Pakistan's former prime minister Imran Khan on June 23 said that the joint statement issued by India and the U. S. during the ongoing state visit of Prime Minister Narendra Modi to America has reduced the country to a "promoter of cross-border terrorism in India and nothing more".
In their joint statement following one-on-one meetings and delegation-level talks on June 22, Prime Minister Modi and U. S. President Joe Biden called on Pakistan to punish perpetrators of the 26/11 Mumbai and Pathankot attacks.
Later, Prime Minister Modi in his address to the Joint Meeting of the U. S. Congress said there can be "no ifs or buts" in dealing with terrorism and sought action against state sponsors of terrorism, in a veiled attack on Pakistan.
He said that more than two decades after 9/11 and more than a decade after 26/11 in Mumbai, radicalism and terrorism still remain a pressing danger for the whole world.
Mr. Khan, also the chief of the Pakistan-Tehreek-e-Insaaf (PTI) party, criticised the current coalition government Pakistan Democratic Movement (PDM) and the former Army chief Gen Qamar Javed Bajwa for their fake high claims and countless trips to the U. S.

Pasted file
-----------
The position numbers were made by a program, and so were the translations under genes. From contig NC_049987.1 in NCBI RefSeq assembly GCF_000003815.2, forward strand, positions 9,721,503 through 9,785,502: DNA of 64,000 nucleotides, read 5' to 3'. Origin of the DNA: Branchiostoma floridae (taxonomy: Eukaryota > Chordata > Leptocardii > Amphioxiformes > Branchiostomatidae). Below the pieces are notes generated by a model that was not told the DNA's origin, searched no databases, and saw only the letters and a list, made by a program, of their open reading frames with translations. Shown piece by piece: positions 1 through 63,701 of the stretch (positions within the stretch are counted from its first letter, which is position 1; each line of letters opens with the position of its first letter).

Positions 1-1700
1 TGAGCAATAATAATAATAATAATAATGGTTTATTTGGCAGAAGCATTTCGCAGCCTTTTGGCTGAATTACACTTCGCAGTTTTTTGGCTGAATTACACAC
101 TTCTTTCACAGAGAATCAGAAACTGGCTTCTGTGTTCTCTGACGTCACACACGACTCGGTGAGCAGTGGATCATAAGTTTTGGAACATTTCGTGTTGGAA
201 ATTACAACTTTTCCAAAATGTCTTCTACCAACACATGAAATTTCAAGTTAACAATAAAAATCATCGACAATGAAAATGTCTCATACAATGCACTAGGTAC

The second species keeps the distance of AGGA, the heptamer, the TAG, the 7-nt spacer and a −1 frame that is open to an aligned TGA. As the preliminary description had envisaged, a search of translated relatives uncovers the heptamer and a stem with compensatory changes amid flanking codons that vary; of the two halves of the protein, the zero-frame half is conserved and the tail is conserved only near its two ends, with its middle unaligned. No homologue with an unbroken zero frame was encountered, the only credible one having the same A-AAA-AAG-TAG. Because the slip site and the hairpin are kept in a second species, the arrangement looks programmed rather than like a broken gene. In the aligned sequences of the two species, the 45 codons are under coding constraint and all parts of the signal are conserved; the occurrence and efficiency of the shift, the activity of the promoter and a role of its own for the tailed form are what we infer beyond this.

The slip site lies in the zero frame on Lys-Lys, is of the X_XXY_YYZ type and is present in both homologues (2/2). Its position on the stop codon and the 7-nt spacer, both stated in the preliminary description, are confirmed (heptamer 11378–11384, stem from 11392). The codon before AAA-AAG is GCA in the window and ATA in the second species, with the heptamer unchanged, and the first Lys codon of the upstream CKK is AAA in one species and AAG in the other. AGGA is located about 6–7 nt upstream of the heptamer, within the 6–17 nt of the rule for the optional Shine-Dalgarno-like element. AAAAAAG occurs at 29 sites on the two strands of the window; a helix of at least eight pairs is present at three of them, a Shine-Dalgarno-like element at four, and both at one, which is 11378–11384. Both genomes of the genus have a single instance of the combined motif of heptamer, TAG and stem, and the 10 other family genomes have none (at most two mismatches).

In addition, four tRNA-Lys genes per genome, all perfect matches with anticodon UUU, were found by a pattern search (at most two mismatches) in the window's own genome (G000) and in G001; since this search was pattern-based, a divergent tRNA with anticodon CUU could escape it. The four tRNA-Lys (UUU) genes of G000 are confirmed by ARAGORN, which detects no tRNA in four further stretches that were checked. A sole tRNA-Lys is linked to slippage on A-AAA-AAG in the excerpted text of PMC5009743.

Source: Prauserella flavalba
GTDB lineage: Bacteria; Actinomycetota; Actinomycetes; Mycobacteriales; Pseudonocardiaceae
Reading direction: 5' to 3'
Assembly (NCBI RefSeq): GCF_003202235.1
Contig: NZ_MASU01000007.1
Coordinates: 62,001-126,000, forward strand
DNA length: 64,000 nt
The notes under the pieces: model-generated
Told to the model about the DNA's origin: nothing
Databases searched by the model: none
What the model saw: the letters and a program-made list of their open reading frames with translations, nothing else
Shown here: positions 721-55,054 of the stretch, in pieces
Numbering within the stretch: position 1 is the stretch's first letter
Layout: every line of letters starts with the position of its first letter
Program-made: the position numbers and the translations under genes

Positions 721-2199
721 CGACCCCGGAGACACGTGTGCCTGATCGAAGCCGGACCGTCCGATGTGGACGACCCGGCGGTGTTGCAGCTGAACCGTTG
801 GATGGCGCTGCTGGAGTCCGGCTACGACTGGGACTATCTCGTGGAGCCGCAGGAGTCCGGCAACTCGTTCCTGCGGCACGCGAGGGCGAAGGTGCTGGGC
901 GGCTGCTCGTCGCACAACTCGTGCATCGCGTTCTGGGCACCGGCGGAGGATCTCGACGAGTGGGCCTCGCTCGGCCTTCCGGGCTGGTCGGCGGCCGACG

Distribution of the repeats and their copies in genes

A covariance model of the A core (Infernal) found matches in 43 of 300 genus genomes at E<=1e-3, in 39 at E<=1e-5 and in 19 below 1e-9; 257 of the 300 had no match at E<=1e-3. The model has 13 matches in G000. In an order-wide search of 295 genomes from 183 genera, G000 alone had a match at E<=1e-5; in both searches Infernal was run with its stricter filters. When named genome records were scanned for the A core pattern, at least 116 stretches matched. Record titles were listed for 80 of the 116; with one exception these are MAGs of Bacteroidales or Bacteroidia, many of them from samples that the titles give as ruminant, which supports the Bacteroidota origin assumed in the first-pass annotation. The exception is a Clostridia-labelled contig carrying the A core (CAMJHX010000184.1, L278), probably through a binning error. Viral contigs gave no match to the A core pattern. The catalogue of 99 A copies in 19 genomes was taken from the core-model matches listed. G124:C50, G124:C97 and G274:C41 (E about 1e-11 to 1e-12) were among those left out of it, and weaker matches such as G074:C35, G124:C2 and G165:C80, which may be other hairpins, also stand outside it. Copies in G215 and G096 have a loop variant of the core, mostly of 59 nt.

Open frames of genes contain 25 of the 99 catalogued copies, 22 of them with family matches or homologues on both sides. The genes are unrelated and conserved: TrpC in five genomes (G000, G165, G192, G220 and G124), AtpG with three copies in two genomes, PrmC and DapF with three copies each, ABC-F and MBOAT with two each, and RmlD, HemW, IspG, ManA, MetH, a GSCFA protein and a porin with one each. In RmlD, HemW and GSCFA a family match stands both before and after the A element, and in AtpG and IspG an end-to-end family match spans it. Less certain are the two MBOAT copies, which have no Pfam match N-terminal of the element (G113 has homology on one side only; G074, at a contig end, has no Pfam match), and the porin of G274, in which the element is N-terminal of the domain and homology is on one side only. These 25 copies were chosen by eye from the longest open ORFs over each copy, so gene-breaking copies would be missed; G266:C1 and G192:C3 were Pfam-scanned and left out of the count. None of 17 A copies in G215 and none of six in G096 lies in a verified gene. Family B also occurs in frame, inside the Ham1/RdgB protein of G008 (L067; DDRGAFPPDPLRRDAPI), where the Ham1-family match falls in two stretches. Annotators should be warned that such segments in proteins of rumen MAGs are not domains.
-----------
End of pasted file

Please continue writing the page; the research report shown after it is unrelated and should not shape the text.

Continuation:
"The question we want to ask from former Army chief Gen Qamar Javed Bajwa and PDM is that after a year in government and countless trips of Pakistan's FM to the U. S., the joint India/US statement reduces Pakistan to a promoter of cross-border terrorism in India and nothing more," Khan said in a series of tweets on June 23.
He alleged that Gen Bajwa along with his PDM cronies claimed that he (Khan) had isolated Pakistan internationally.
He said the "imported government experiment has not just made Pakistan irrelevant internationally but our democracy, rule of law and the entire economic and institutional structure is also collapsing right in front of our eyes." Mr. Khan, 70, was ousted from the post of Pakistan's premier last year in April after the opposition led by the Pakistan Muslim League-Nawaz brought a no-confidence motion against his government and won it.